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Work for peace & prosperity shunning path of war, PM tells UNGA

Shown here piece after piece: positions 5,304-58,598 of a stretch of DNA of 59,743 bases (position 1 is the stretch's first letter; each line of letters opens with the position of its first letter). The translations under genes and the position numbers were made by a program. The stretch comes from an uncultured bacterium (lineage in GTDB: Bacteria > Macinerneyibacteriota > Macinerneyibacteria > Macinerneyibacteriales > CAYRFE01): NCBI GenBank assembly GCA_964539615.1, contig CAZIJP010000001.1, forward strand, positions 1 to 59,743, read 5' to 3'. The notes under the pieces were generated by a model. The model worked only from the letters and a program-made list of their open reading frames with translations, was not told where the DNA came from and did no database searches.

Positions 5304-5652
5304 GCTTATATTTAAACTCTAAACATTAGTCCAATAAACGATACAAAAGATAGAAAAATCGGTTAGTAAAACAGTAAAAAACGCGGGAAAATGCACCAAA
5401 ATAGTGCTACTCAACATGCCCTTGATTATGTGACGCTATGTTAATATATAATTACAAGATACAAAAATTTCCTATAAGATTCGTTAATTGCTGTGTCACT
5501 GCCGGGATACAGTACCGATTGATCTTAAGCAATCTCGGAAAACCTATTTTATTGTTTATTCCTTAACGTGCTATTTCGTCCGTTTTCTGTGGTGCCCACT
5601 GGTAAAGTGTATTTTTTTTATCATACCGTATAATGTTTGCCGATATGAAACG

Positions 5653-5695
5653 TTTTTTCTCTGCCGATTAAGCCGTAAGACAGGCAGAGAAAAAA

Prime Minister Sheikh Hasina has called upon the global leaders to work in unison for peace, welfare of mankind and prosperity by shunning the path of war and confrontation. “My appeal today is to all of you – to the leaders of the world, to shun the path of war and confrontation, and to work collectively for enduring peace, welfare for humankind and economic prosperity for our people and future generations,” she said. The prime minister was addressing the General Debate of the 78th session of the United Nations General Assembly (UNGA) at the General Assembly Hall here today (Friday). She said the overall progress towards a peaceful and prosperous common future is faced with threats due to the impacts of the pandemic, the effects of an existential climate crisis, and the wide ramifications of the war in Ukraine affecting global food, financial, and energy securities have greatly impeded the achievement of SDGs in developing countries. The premier said Bangladesh always supports the Secretary-General, Antonio Guterres, for his strong commitment to strengthening multilateralism and for his efforts, bold statements, and his far-sighted and pragmatic steps toward making the UN deliver its mandates and stand up to the challenges of the current world. In her address delivered to the UNGA session, she highlighted the Rohingya crisis, climate change, food crisis, human rights, women empowerment, healthcare, sustainable development goals (SDGs), terrorism and the government’s inclusive economic development and other global and regional issues. Like the previous years, Sheikh Hasina addressed the session of the UNGA in Bangla for the 19th time following the footsteps of the Father of the Nation Bangabandhu Sheikh Mujibur Rahman who delivered his address in Bangla in the UNGA on September 25 in 1974. This year’s UNGA theme is: “Rebuilding trust and reigniting global solidarity: Accelerating action on the 2030 Agenda and its Sustainable Development Goals towards peace, prosperity, progress and sustainability for all”. She referred to assassination of 18 members of her family that included her father, then President of Bangladesh, Father of the Nation Bangabandhu Sheikh Mujubur Rahman, her mother and three brothers, three sisters-in-law and paternal uncles on August 15 in 1975.The premier said she and her only sister survived the brutality as they were abroad at that time. “Before that, in 1971, three million of our countrymen were killed during our great War of Liberation while two hundred thousand women were heinously tortured and abused,” she said. “As a victim of and witness to brutalities of war and assassination. I can feel the pain and agony that people endure due to the horrors of wars, killings, coup d’‚tats and conflicts,” she said. Let’s give Rohingyas a brighter future. In her address, Sheikh Hasina has sought global leaders’ attention to the forcibly displaced Rohingya people from Myanmar as their mass displacement has witnessed six years. Mentioning that the displaced Rohingyas want to return to their own country, Myanmar, and live a peaceful life there, she said: “Let’s bring those destitute people hope of a brighter future in their own land and thereby foster safety and stability in the region”. “Out of humanitarian concern, we have given shelter to those who fled their homes for safety. However, the situation has really turned unbearable for us now. The prolonged presence of the Rohingyas in Bangladesh has caused serious ramifications on the economy, environment, security, and socio-political stability in Bangladesh,” she said. Sheikh Hasina opined that uncertainty over repatriation has led to widespread frustration and this situation can potentially fuel radicalization. “If the problem persists further, it may affect the security and stability of the entire region, and beyond,” she said. Rich countries must fulfill their $100 climate commitments, she said and called upon the developed countries to walk on their promises. “We call upon the major emitters to submit and implement ambitious NDCs. The developed economies must fulfill their 100-billion dollars commitments,” she said.The development needs of the climate-vulnerable countries must be considered, she said, adding that they demanded an urgent operationalization of loss and damage funds as agreed in COP27. “We call for a stronger global solidarity in sharing the burden of climate migrants induced by sea-level rise, salinity increase, river erosion, floods, and droughts,” she said. Despite contributing less than 0.47% of global emissions, Bangladesh is one of the most climatically-vulnerable countries in the world, she said. Sheikh Hasina went on saying that the adverse effects of climate pose serious threats to the security and economic prosperity of our present and future generations while urgent, bold and ambitious collective actions are needed to address these threats. “Bangladesh is committed to protecting and preserving the environment and biodiversity and pursuing a climate-resilient sustainable development path,” she said. The premier said Bangladesh established the “Bangladesh Climate Change Trust Fund” back in 2009 to finance climate adaptation and allocated 480 million US dollars to this fund so far from our own resources. Sea dykes, cyclone shelters are constructed; greenbelt and tree plantation initiatives are undertaken for climate adaptation and mitigation purposes, she said. “We are implementing the world’s biggest housing project for people displaced by the impacts of climate change in Cox’s Bazar by constructing 139 multi-storied buildings with all necessary amenities to shelter 4,409 climate change-affected families,” she added. The premier said they are implementing the “Bangladesh Delta Plan 2100” with an objective to achieve a safe, climate-resilient and prosperous delta through coordinated delta management process. She said her government has undertaken the “Mujib Climate Prosperity Plan”. “We are working to ensure our gradual transition from climate vulnerability to climate resilience,” she said. “More than six million people are using solar home systems. We are also working for a more sustainable energy mix. We hope to have 40% of our energy from renewable sources by 2040,” she added. Establish regional food banks: Sheikh Hasina called for establishing regional “food banks” for emergency situation against the spiral of prices of essentials. “For the countries like ours, uninterrupted access to fertilizers must be ensured. Furthermore, we need global investment in cold chains to preserve the food we produce. I have proposed initiating the regional ‘food banks’ for emergency situations. We must collaborate in research and development of climate-resilient crops,” she said. The premier said the interlinked crises of the past few years have pushed up prices of food, energy and commodities globally, weakening our efforts to recover from the pandemic. “As an energy-and food-importing country, Bangladesh’s import bills have shot up significantly, having a negative impact on our foreign currency reserves. Despite these challenges, we have ensured food for everyone,” she said. The government, she said, is providing 10 million people in the low income bracket with rice and other commodities at affordable prices and has taken different initiatives to keep inflation under control. “I have called upon our people to grow their own food and leave no cultivable land uncultivated. Our scientists have now developed climate-resilient varieties including drought-and flood- and salinity-tolerant varieties of crops,” she said. She said they are deeply concerned that the Black Sea Grain Initiative has become defunct and call upon all parties concerned for its early restoration. Political declaration to accelerate SDG implementation: Sheikh Hasina said a political declaration will accelerate implementation of the 2030 agenda. “We believe, despite some limitations, the Political Declaration will accelerate the implementation of the 2030 Agenda,” she said. “Therefore, we welcome the successful holding of the SDG Summit this year and the adoption of its Political Declaration,” she continued. The premier said for a timely achievement of SDGs, financing is one of the most critical factors adding that unfortunately, however, the international financial infrastructure is barely aligned with the SDGs, nor can it respond to the financial needs of developing countries especially during crises. “Today, we urgently need an international financial architecture that will help developing countries receive concessional, low-cost, low-interest-rate funds, with minimum conditionalities,” she said. Besides, developing countries must also have equitable access to IMF’s SDR funds during emergencies and disasters and s special ‘disaster clause’ should be included in all lending instruments, she opined. “We must make all efforts to collectively address the common challenges of humanity to secure a peaceful, prosperous, and sustainable future for all. And, for that, we must choose unity, solidarity, and multilateralism over fragmentation, insularity and isolation,” she said. Since assuming office in 2009, the premier said they have invested heavily to build a human-centric, inclusive, modern democracy as envisioned by our Father of the Nation Bangabandhu Sheikh Mujibur Rahman. Following his pathway, she said their tireless efforts, pragmatic policy interventions and forward-looking investments have transformed Bangladesh from a lower-middle income country to a middle-income country. “We have reduced the poverty rate from 41.5 percent in 2006 to 18.7 percent in 2022 and the extreme poverty rate from 25.1 percent to 5.6 percent,” she said. Sheikh Hasina said, “Building on our success in achieving MDGs, we have made sustained progress in achieving the SDGs, she said, adding that like other countries in the world, Bangladesh also faced serious challenges. COVID 19 pandemic, various man-made crises and natural disasters have intensified those challenges manifold. “We thank the Secretary-General for proposing a 500 billion dollar SDGs stimulus package and demand its early operationalization,” she said. In Bangladesh, she said they have taken a set of tough fiscal and policy choices to ensure macroeconomic stability and to control inflation during and post pandemic period. “On the other hand, we have increased our investment in social safety net programs and provided targeted support for agriculture, Small and Medium Enterprises (SMEs), and other vulnerable sectors. We have expanded the social safety net coverage to ensure social and financial security of destitute women, widows, the elderly, persons with disabilities, persons of third gender and other marginalized segments of the society,” she said. In the current fiscal year, a total of 12 billion US dollar has been allocated for the social safety net programmes, she said, adding that this year, they have introduced the Universal Pension Scheme through which any citizen aged between 18 and 50 years of age can avail of old age benefits.The premier arrived in New York on September 17 to attend the 78th UNGA session and other high-level side events. She will leave New York for Washington tomorrow (Saturday) where she will stay till September 29. After wrapping up her visit to Washington in the USA, the premier will leave for London on September 29 where she will stay till October 3 and will finally reach home on October 4.Sheikh Hasina said Bangladesh is fully committed to protect and promote democracy, human rights as a reasonable country to protect and promote human rights, the rule of law and democracy. “This year marks the 75th anniversary of the adoption of the Universal Declaration of Human Rights (UDHR). On this auspicious occasion, we must reinforce our commitment to our common humanity and take collective action to advance equality, justice and freedom for all human beings,” she said. Bangladesh’s constitution guarantees fundamental human rights for all and over the last decade, significant reforms have been made to our legal system to ensure equal legal protection and access to justice for everyone, she said. “As a responsible state, Bangladesh is fully committed to protecting and promoting human rights and at the same time, it is to be ensured that human rights are not politicized to put pressure on developing countries,” she said. Mentioning that this year also marks the 75th anniversary of Nakba – the catastrophe inflicted upon the people of Palestine, the premier said that it is deeply troubling that the legitimate rights of Palestinian people have remained unmet. “We will continue our efforts to realize the rights of the people of Palestine. Bangladesh will stand by Palestine,” she said. The premier said Bangladesh has maintained a “zero tolerance” policy against terrorism and violent extremism. “We remain concerned at the continued prevalence of terrorist threats which are now taking new shapes due to misuse of information and communication technology. My government maintains a ‘zero tolerance’ policy. We do not allow our territory to be used by any party to incite terrorist acts or harm others,” she said. Sheikh Hasina continued that they also remain concerned at the misuse of information technology for instigating violence and spreading hate speech and inflammatory rhetoric. “The recent incident of burning copies of the Holy Quran has shaken our conscience. Such acts of perversion not only hurt religious sentiments of the Muslims, they instigate violence and harm peaceful co-existence of people of various faiths and beliefs,” she said. Bangladesh committed ensuring women empowerment: Sheikh Hasina said, “In our efforts to achieve SDGs, we have attached high importance to eliminate discrimination against women.” “Bangladesh is committed to ensure women empowerment and gender equality within a stipulated time frame,” she said. “A total of 30 percent of our budget is allocated for women’s social and economic empowerment. We have ensured the political representation of women at all levels, from the top to the lowest tier of government. We aim at ensuring 50% participation of women in all sectors by 2030,” she said. Bangladesh committed to build Smart Bangladesh by 2041: As part of Vision 2041, Sheikh Hasina said her government is heavily investing in building a ‘Smart Bangladesh’ to transform the country into a high-income, poverty-free, developed nation, grounded in proper utilization of science and technology, and powered by innovation. To that end, she said Bangladesh has updated its National Science and Technology Policy to ensure the application of science, technology, and innovation (ST&I) for achieving sustainable economic growth with due attention to employment generation, poverty alleviation, gender equity and environmental sustainability. In 2026, Bangladesh will officially graduate from the LDC category, she said, adding that they believe the ongoing multiple global crises will not derail Bangladesh’s graduation trajectory. “Yet, we reiterate our call to the development partners and the advanced economies to continue to support us during our transition to ease the impact of our graduation. I also call upon WTO Member States to extend to us the existing differential treatment available to LDCs for a period appropriate to our development requirement,” the premier said. The LDC5 Conference held in Doha, Qatar in March this year ushered in a renewed global commitment to enhance support to the LDCs and graduating LDCs, she said. “I call upon the United Nations and our development partners to ensure full and effective implementation of the Doha Programme of Action,” she said. Bangladesh to ensure health for all: Sheikh Hasina said they appreciated the idea of setting some minimum benchmarks for health coverage globally. “To achieve these targets, expanding international cooperation, including adequate financing and technology transfer as well as by sharing best practices need to be ensured,” she said. “In Bangladesh, we have achieved exemplary success in bringing primary healthcare services to the grassroots level through Community Clinics, she said, adding that Bangladesh’s success has been recognized and appreciated by this august General Assembly. “This model may be replicated in other developing countries of similar socio-economic situation,” she said. Peaceful settlement of maritime boundaries open new horizon for Bangladesh’s development, she added. The premier continued that after peaceful settlements of maritime boundaries with neighboring countries, the ‘blue economy’ has opened up a new horizon for development of Bangladesh. The day before yesterday, she said, “I signed the Agreement under the United Nations Convention on the conservation and sustainable use of marine biological diversity of areas beyond national jurisdiction (known as BBNJ Agreement). Bangladesh has also recently announced her “Indo-Pacific Outlook”, emphasizing inclusive, sustainable and collaborative use of shipping routes and marine resources in the Indo-Pacific region.” She said Bangladesh’s commitment to the general and complete disarmament is unwavering. “We are party to all major disarmament and non-proliferation treaties including the Treaty on the Prohibition of nuclear weapons (TPNW. We call for full implementation of the international disarmament and nonproliferation instruments without any delay,” she said. The premier said that their commitment to global peace and security is well manifested in their contribution to UN peacekeeping operations. “As of now 188,000 men and women from Bangladesh have served in 55 peacekeeping missions in 40 countries. They have earned a reputation for their professional excellence and impeccable performance,” she said.